President Joe Biden on Friday expressed regret to Ukrainian President Volodymyr Zelensky for the protracted delay in U.S. military assistance, which had allowed Russia to make significant gains on the battlefield. This apology came during a meeting in Paris, a day after both leaders attended the 80th anniversary events of D-Day in Normandy.

Speaking candidly, Biden addressed the Ukrainian people directly, acknowledging the uncertainty they faced while conservative Republicans in Congress held up a $61 billion military aid package for six months. "You haven't bowed down. You haven't yielded at all," Biden told Zelensky. "You continue to fight in a way that is just remarkable. We're not going to walk away from you."

The president emphasized the unwavering commitment of the American people to Ukraine's cause, saying, "We're still in. Completely. Thoroughly." He added, "You are the bulwark against the aggression that's taking place. We have an obligation to be there."

Zelensky, in turn, appealed for continued bipartisan support from the U.S., drawing a parallel to the solidarity shown during World War II. "It's very important that in this unity, United States of America, all American people stay with Ukraine like it was during World War II," Zelensky said. He thanked lawmakers for eventually coming together to approve the weapons package, which has recently helped Ukraine stem Russian advances.

The U.S. remains Kyiv's largest supplier of wartime support as Ukraine fights to repel an intense Russian offensive in its eastern regions, including Kharkiv and Donetsk. The aid delay had left Ukraine grappling with shortages of ammunition and troops along the roughly 1,000-kilometer front line. The $61 billion aid package, signed into law by Biden in April, is crucial to bolstering Ukraine's defenses.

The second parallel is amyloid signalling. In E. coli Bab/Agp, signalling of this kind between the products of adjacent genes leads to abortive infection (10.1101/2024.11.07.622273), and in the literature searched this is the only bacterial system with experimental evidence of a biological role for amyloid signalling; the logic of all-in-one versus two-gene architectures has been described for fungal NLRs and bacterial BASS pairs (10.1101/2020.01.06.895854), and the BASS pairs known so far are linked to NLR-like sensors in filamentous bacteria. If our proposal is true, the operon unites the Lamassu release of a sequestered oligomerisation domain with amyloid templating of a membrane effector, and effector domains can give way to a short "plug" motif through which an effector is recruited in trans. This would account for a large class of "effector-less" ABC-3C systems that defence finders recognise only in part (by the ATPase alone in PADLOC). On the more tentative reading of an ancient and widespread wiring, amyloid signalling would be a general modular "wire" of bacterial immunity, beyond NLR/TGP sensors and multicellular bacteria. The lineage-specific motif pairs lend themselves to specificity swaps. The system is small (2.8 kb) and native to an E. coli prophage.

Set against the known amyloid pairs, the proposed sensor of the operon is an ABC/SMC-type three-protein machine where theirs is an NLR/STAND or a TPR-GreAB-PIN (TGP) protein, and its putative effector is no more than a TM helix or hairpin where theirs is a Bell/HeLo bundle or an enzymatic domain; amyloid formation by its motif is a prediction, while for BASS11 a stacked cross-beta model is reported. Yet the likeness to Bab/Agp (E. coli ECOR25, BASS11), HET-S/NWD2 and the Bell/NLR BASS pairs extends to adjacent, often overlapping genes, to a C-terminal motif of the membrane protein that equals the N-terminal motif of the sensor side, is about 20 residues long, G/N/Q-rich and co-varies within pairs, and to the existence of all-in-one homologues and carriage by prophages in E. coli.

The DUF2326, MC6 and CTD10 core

The delay in delivering Western weaponry has long frustrated Zelensky, compounded by Biden's cautious approach to supplying more hardware, which has at times strained their relationship. However, recent decisions, including allowing Ukraine to use delivered weapons for limited attacks inside Russia, have had a "very positive influence," according to Zelensky.

The announcement of the additional $225 million in military aid during the Paris meeting includes munitions for the High Mobility Artillery Rocket System (HIMARS), mortar systems, an array of artillery rounds, and missiles for HAWK air defense systems. This aid is part of an ongoing effort to support Ukraine's defense against Russia's invasion.

Biden and Zelensky's attendance at the D-Day anniversary events highlighted the historical parallels between the fight against Nazi Germany and Ukraine's current struggle against Russian aggression. Biden drew a direct line from the efforts to liberate Europe from Nazi domination to the ongoing battle in Ukraine. "We will not walk away," Biden pledged.

In a speech to the French National Assembly, Zelensky invoked the sacrifices made during World War II, emphasizing the significance of the current conflict. "This battle is a crossroads," Zelensky said. "A moment where we can now write history the way we need it. Or we can become victims of history as it suits our enemy."

French President Emmanuel Macron, a vocal supporter of Ukraine, announced that France would provide Ukraine with its Mirage combat aircraft. Macron has been steadfast in his support, stating earlier this year that deploying Western troops to Ukraine is not "ruled out."

Zelensky's visit to Paris included meetings with Macron at the élysée Palace and a visit to the Nexter arms manufacturer in Versailles. These trips aim to keep Ukraine's plight in the public eye, secure more military assistance, and lock in long-term Western support.

France and Ukraine signed a 10-year bilateral security agreement in February, and Zelensky has since secured similar agreements with many European countries. These alliances are crucial for Ukraine as it continues to defend its sovereignty against Russian aggression.